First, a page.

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article imageUS to 'hand over' the system that controls the internet

By James Walker     Aug 19, 2016 in Technology
The United States has announced it is ready to concede control of the internet's Domain Naming System (DNS), a vital component of the web that maps human-readable web addresses to numerical IP addresses. A non-profit organisation will now control DNS.
DNS is viewed as one of the most important systems used to run the internet. When you go to your browser, you are able to access websites by typing in their address. However, because the owner of an address can change many times through its existence, addresses aren't directly assigned to servers.
Instead, the web server that sends you the requested webpage has a unique IP address, a numerical string of numbers. When you type an address into your browser, such as "digitaljournal.com," it is automatically mapped behind-the-scenes to the IP address of the server. This process is powered by DNS, essentially an address book that pairs IP addresses with familiar website names.
Until now, the U.S. has had control of this system. However, as the internet has grown ever larger, it has been viewed as increasingly less appropriate for one country to have control over such a vital component of its infrastructure. From October 1st, 2016, ICANN, a non-profit organisation, will have complete control of DNS, without any input from the U.S..
The move has been underway for almost 20 years. It's a significant effort that will see the U.S. finally concede complete control of the DNS "address book" to ICANN. For internet users, there will be no discernible change. Everything will continue to function as before, except ICANN will be running DNS. It's already been doing the job for years, operating DNS under a contract with the US National Telecommunications and Information Administration (NTIA).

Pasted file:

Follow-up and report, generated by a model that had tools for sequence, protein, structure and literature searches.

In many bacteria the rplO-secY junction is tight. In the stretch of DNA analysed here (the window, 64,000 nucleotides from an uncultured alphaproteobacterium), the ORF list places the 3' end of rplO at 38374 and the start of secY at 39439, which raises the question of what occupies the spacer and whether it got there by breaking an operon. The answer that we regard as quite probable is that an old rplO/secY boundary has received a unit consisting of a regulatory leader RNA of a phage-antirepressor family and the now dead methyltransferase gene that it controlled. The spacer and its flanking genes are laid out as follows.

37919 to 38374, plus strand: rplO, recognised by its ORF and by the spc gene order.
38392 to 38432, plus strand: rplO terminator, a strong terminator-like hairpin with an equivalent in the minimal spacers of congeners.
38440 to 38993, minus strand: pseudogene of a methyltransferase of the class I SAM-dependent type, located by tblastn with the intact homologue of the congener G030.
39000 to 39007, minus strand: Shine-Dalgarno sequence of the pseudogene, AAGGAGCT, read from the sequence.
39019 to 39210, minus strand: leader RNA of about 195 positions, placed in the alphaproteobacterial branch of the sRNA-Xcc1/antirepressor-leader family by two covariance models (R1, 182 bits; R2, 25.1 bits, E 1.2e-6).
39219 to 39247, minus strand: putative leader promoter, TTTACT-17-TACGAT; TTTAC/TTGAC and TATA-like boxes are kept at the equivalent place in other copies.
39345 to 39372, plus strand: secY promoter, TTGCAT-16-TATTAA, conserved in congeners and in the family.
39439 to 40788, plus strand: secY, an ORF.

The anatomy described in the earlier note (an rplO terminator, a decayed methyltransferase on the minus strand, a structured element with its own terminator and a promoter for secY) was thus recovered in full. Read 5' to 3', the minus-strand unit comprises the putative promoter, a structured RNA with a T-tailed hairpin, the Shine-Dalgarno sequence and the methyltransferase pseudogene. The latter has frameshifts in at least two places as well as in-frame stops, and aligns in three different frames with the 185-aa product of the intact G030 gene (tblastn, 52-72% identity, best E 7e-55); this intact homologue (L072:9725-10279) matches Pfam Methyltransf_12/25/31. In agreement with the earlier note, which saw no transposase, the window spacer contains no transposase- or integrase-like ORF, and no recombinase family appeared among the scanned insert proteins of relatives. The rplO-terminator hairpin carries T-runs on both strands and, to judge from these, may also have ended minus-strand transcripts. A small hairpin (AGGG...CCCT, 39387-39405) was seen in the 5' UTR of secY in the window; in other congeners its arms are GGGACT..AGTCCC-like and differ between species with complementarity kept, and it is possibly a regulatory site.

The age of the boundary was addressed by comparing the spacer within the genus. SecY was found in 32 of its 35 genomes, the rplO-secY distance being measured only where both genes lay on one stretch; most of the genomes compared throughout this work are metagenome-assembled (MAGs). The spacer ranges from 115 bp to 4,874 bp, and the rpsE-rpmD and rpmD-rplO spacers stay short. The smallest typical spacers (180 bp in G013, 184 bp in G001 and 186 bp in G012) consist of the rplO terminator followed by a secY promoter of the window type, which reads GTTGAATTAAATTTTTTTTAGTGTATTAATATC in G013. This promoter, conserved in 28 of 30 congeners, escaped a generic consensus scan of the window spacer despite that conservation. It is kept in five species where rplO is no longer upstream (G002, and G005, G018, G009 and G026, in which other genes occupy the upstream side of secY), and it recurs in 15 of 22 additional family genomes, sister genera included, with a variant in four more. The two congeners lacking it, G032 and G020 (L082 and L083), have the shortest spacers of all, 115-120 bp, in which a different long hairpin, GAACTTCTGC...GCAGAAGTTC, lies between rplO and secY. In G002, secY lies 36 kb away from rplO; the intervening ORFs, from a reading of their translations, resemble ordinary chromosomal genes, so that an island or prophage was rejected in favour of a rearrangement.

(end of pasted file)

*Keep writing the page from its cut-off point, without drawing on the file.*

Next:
In a blog post, Assistant Secretary for Communications and Information and NTIA Administrator Lawrence E. Strickling described this week's announcement as a "milestone" for the internet. After years of work, there's finally a firm date for when ICANN's contract with the NTIA will expire. On October 1st the NTIA will allow it to end, giving ICANN control of DNS.
"The IANA stewardship transition represents the final step in the U.S. government’s long-standing commitment, supported by three Administrations, to privatize the Internet’s domain name system," said Strickling. "For the last 18 years, the United States has been working with the global internet multistakeholder community to establish a stable and secure multistakeholder model of internet governance that ensures that the private sector, not governments, takes the lead in setting the future direction of the Internet’s domain name system."
While the move is generally viewed to be positive for the internet, it has been heavily criticised by some U.S. politicians. Fears have been voiced that it could give governments such as China and Russia the ability to tamper with DNS requests. The U.S. will no longer be able to enforce its own protections to stop such activity.
However, supporters of the free Internet have dismissed the claims. The statements have effectively confirmed that the U.S. views itself as the protector of the Internet, contradicting the web's role as an open communication method across the globe. Tim Berners-Lee famously gave the web to the world, a gift that is hindered by its attachment to the US.
"It's a big change," Professor Alan Woodward from the University of Surrey commented to the BBC. "It marks a transition from an internet effectively governed by one nation to a multi-stakeholder governed internet: a properly global solution for what has become a global asset."
The announcement brings to an end the almost 20-year-old goal of privatising DNS. THE NTIA first partnered with California-based ICANN in 1998 with the express intention of it coordinating the transition of DNS to a private company. Its current DNS "stewardship" role was intended to be temporary, although most current web administrators and domain name holders are unlikely to remember purchasing domains from anything other than ICANN.
More about United States, US, Internet, DNS, Icann
 
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